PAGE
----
What I learnt from living in my first flat

It was roughly a year ago I packed away my textbooks and joined the working world, for those of you getting your degree grades this week congratulations! Your next step may be to think about finding a flat or somewhere to live, I’ve just moved out of my first flat, we were there for a year and although we definitely had our ups and downs with it, we loved it none the less. I thought since it’s about that time of year that I’d share some tips on how to successfully rent your first flat and some things to look out for that I’ve picked up from this past year. 

1. Research your letting agent

This is the number one thing I’d recommend. Although my flatmate and I absolutely loved our flat this past year, we had so many issues with our letting agent from day one and it did put a dampener on things. So definitely ask friends in the area if they’ve ever rented with that agent before, or check them out on google reviews or social media because in theory the letting agent is supposed to make your life easier. Don’t be fooled by them putting pressure on you, you may find that they’re not the only agent letting out apartments in that building, if in doubt call the building/development owner and ask which letting agents they are aware of or that they’d recommend. Things to look out for on reviews are, if people have had trouble getting in touch, or emergency repairs not being dealt with, and any mention of deposit issues and I’d personally stay well away. Especially if this is your first time renting, always get a second opinion on what they’re telling you and always ask them to clarify in writing what you’re actually paying for before you pay for anything. Basically just get to know who you’re working with before you commit to anything. 

2. Take photos of everything 

In the unfortunate event that you do end up renting with an agent who is slightly less than helpful you probably won’t know that until an issue occurs. On the day you move in and even when you first go to view the property, take photos of everything. Ideally on a phone because then it’ll be time, date and even location stamped to prove authenticity. We managed to get back hundreds of pounds on our deposit by having photos from the day we moved in. A photo counts as concrete evidence and for the sake of a few snaps here and there it’s worth covering your own back. 

Times to take video/photos

  • – viewing 
  • – date of move in 
  • – any issues throughout ( eg. if an engineer comes out to fix something like an oven or a window ect take photos of the window before and after in case any damage is caused. 

3. Email don’t phone 

The same as photos, a way to make sure your back is covered is to always email through an issue instead of phoning the office, by phoning the office there’s no proof of what was said during the conversation or who you spoke to. By putting things in writing again it’ll be time and date stamped and there’s no way to prove it didn’t happen, and should you not get a response then send as many follow up emails as necessary until you do. It’s even easier to keep track of things if you can keep it all on the same email thread, that way should there be any miscommunications you can just go through that one chain and see where things went wrong. 

4. Shop around 

I’d highly recommend figuring out what your non-negotiables are and sticking to them, but then bare in mind that everything else is ok to be flexible. So if location and price are top of your wish list then you may have to compromise on having a good view or a private parking space. Don’t be afraid to widen your search, you may be surprised with the gems you find.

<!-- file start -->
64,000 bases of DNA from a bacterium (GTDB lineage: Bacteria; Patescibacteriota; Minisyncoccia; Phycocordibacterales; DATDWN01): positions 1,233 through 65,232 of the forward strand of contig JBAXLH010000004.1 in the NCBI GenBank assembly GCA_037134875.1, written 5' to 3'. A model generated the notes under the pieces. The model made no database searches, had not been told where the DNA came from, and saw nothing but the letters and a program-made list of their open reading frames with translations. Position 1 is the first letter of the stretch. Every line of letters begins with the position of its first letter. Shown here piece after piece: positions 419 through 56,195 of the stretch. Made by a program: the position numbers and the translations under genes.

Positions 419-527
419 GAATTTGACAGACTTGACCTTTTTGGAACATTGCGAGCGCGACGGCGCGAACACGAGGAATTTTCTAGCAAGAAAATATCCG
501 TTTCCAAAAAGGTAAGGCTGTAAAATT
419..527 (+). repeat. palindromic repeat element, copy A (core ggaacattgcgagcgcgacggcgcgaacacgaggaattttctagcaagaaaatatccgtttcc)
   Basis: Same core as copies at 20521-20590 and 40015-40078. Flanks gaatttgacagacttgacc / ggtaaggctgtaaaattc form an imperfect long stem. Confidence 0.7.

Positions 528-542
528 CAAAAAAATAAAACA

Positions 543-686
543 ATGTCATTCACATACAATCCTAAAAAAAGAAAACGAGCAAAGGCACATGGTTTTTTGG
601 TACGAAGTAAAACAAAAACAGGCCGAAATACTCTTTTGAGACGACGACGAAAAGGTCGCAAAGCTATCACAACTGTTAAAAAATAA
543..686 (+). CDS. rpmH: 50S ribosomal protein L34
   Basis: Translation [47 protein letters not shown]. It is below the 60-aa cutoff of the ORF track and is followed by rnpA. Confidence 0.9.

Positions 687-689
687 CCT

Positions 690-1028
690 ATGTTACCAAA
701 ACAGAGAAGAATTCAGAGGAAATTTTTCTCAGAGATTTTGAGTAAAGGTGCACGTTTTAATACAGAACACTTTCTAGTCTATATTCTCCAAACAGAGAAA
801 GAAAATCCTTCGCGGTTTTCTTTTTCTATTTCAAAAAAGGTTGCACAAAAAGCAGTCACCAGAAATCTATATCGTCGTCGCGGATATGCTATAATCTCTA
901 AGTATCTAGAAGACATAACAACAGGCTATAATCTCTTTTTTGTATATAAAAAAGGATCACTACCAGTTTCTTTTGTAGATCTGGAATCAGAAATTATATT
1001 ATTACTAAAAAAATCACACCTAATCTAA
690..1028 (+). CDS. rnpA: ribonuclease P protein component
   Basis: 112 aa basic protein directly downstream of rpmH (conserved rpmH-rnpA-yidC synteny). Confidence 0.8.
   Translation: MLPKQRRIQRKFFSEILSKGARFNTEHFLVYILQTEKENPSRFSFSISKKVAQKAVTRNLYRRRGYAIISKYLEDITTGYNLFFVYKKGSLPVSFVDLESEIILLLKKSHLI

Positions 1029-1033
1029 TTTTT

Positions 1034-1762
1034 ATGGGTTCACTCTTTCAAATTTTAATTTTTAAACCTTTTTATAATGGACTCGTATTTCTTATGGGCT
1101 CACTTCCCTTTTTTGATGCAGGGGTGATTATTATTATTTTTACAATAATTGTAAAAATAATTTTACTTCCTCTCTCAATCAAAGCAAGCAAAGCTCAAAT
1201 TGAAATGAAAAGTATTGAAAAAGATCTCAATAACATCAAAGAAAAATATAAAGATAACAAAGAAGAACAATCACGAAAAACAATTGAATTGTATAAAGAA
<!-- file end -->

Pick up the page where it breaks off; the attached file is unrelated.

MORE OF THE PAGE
5. Don’t stretch your budget – there’s a budget for a reason 

With your first flat its very easy to get carried away with the budget and keep stretching it by an extra £50 here or there, but trust me you’ll thank yourself for being strict with yourselves. When we went flat hunting we set up 4 viewings all in the same day and it worked really well, the difference between the flats was so obvious and we did pick different flats all at different price ranges so we could see what our money could get us. In the end we went with the flat we both had started the day saying we thought was the one *typical* and as that was viewing number two of four so we decided not to see the others in the end. The one flat that was slightly over budget actually cancelled our viewing the morning of so we took that as a sign that it just wasn’t meant to be. Keep in mind all the additional costs you’ll have on top of rent like electric bills, council tax, do you need a gym membership or a travel card? You’ll be thankful you didn’t blow the budget on rent when it actually comes to paying it. 

So there we have it! I really hope that was useful for you and you hopefully picked up some tips and tricks. Having your own flat can be both scary and exciting but as long as you read the fine print, stay realistic to what you can afford and do your research you’ll have a great time! 



  1. August 21, 2018 / 10:11 am

    Great post! I definitely agree that you should take photos when you’re looking for accommodation. This will be useful for those entering the working world but also for those who might be moving away for uni this September! Finding a student flat can be a stressful process but it shouldn’t need to be. I think your tips are really useful for that. It can be particularly tricky for international students but if you find a reputable student housing complex, that can help too – especially as you’ll be living with other people in your position.

  2. August 26, 2018 / 5:17 pm

    Don’t get me started on unreliable/ untrustworthy letting agents …

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